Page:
Sorafenib demonstrated in vitro activity in a panel of molecularly heterogeneous AML cell lines and primary childhood AML samples at a clinically achievable concentration of 10 μM. When given simultaneously with cytarabine, synergistic to additive inhibition of cell viability was observed. In an AML xenograft model, administration of sorafenib (10 μM) plus cytarabine prolonged survival compared with cytarabine alone.
Although sorafenib appears to be more active in leukemias with the FLT3-ITD abnormality, antileukemic activity has been reported in several patients with AML and wild-type FLT3 (15
). Our study shows the in vitro antileukemic activity of sorafenib in 10 genetically heterogeneous AML cell lines as well as in 25 primary AML blast samples in which activity was observed in both FLT3-ITD and wild-type FLT3 AML cells. Sorafenib alone also exhibited a different spectrum of resistance compared with cytarabine alone, indicating that sorafenib may be active in some cells with de novo resistance to cytarabine. Sorafenib alone effectively inhibited ERK signaling in AML cell lines, consistent with previous studies (12
). Also, sorafenib alone inhibited AKT phosphorylation in one cell line, which may represent an additional mechanism of sorafenib-induced apoptosis in which AKT-mediated negative regulation of proapoptotic BAD is suppressed (11
). Treatment with sorafenib alone also inhibited phosphorylation of p70S6K, a downstream effector of both ERK and AKT signaling that is involved in transcription and translation of genes that regulate cell growth, proliferation, and survival. The precise mechanism of action of sorafenib in AML is unknown but likely involves inhibition of RTKs and downstream signaling pathways, the latter, which is supported by the results of our study.
Because sorafenib previously demonstrated modest single-agent activity in relapsed or refractory AML (15
), we evaluated its activity in combination with cytarabine, one of the most widely used chemotherapeutic agents for AML. In our study, sorafenib and cytarabine had a synergistic to additive activity in seven AML cell lines, and inhibition of cell viability was greater after treatment with sorafenib plus cytarabine in 13 of 15 childhood primary blast samples compared with either agent alone. In MV4-11 AML cells and BaF3 cells with a FLT3-ITD mutation, administration of the kinase inhibitor lestaurtinib simultaneously with or immediately following treatment with cytarabine produced cytotoxicity in a synergistic fashion, in contrast to the antagonist effect observed when lestaurtinib was administered before cytarabine (21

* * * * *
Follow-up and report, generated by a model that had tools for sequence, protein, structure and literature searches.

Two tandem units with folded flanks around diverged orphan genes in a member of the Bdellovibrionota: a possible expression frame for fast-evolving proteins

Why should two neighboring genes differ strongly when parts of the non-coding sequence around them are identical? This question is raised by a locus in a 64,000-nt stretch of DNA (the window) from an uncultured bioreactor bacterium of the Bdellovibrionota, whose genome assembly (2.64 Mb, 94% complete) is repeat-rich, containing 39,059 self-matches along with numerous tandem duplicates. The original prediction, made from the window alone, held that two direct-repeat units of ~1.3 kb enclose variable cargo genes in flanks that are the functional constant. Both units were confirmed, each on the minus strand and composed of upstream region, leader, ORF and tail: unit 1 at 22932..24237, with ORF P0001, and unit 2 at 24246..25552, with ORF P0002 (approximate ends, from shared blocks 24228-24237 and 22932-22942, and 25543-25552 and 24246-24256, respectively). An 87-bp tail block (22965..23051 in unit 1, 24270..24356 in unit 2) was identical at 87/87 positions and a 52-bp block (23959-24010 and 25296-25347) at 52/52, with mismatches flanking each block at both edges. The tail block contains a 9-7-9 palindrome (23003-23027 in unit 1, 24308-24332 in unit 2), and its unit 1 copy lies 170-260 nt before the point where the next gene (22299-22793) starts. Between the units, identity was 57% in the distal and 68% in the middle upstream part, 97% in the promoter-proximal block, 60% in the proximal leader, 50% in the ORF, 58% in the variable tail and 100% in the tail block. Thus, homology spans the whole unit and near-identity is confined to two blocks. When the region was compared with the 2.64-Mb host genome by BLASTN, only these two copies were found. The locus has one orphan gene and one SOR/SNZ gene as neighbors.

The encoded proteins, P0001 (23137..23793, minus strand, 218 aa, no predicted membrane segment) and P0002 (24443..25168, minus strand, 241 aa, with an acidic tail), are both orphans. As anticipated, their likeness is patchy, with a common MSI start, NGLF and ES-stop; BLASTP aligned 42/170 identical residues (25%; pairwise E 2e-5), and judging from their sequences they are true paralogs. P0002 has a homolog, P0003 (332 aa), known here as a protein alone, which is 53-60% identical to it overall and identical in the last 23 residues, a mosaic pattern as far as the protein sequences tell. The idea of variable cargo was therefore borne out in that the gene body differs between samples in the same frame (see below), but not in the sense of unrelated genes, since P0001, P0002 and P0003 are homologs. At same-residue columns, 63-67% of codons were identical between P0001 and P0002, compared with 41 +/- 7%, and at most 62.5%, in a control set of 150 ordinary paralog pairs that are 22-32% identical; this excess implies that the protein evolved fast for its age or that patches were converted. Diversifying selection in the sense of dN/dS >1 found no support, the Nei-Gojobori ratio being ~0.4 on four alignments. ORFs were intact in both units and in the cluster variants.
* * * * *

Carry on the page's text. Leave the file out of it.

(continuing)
). In MV4-11 cells, we observed a synergistic interaction when sorafenib was administered before cytarabine, although stronger synergy was observed when cytarabine was administered before sorafenib. Our data suggest that the sequence of sorafenib and cytarabine administration may not be a critical factor to consider in FLT3-ITD AML. Our data showed that in wild-type FLT3 U937 AML tumor-bearing NSG mice, sorafenib did not prolong survival compared with untreated controls, which is generally consistent with the limited single-agent activity observed in phase I trials (15
). However, we observed that sorafenib administered simultaneously with cytarabine statistically significantly prolonged median survival compared with cytarabine alone in this AML xenograft model, findings that are consistent with the results of a recent phase II study in 51 adults with previously untreated AML receiving sorafenib simultaneously in combination with cytarabine and idarubicin during the first week of induction therapy. Overall, 38 (75%) of 51 patients achieved a complete response (44
), and the response rate was higher in patients with FLT3-ITD AML (14 of 15, 92%), but 24 (66%) of 36 of patients with wild-type FLT3 achieved a complete response, demonstrating the potential utility of sorafenib in combination with chemotherapy in some patients with FLT3 wild-type disease.
The twice-daily administration schedule of sorafenib plus cytarabine was more active than sorafenib given once daily plus cytarabine. Pharmacokinetic studies in NSG mice demonstrated that the time sorafenib plasma concentrations remained above 10 μM was longer with twice-daily vs once-daily administration (17 vs 8 hours), and exposure with the former schedule was more similar to human steady-state exposure with minimal fluctuations from peak to trough with an approximate average concentration of 10 μM. These pharmacokinetic studies provide a preliminary benchmark for effective sorafenib concentrations in patients receiving sorafenib in combination with cytarabine, particularly in wild-type FLT3.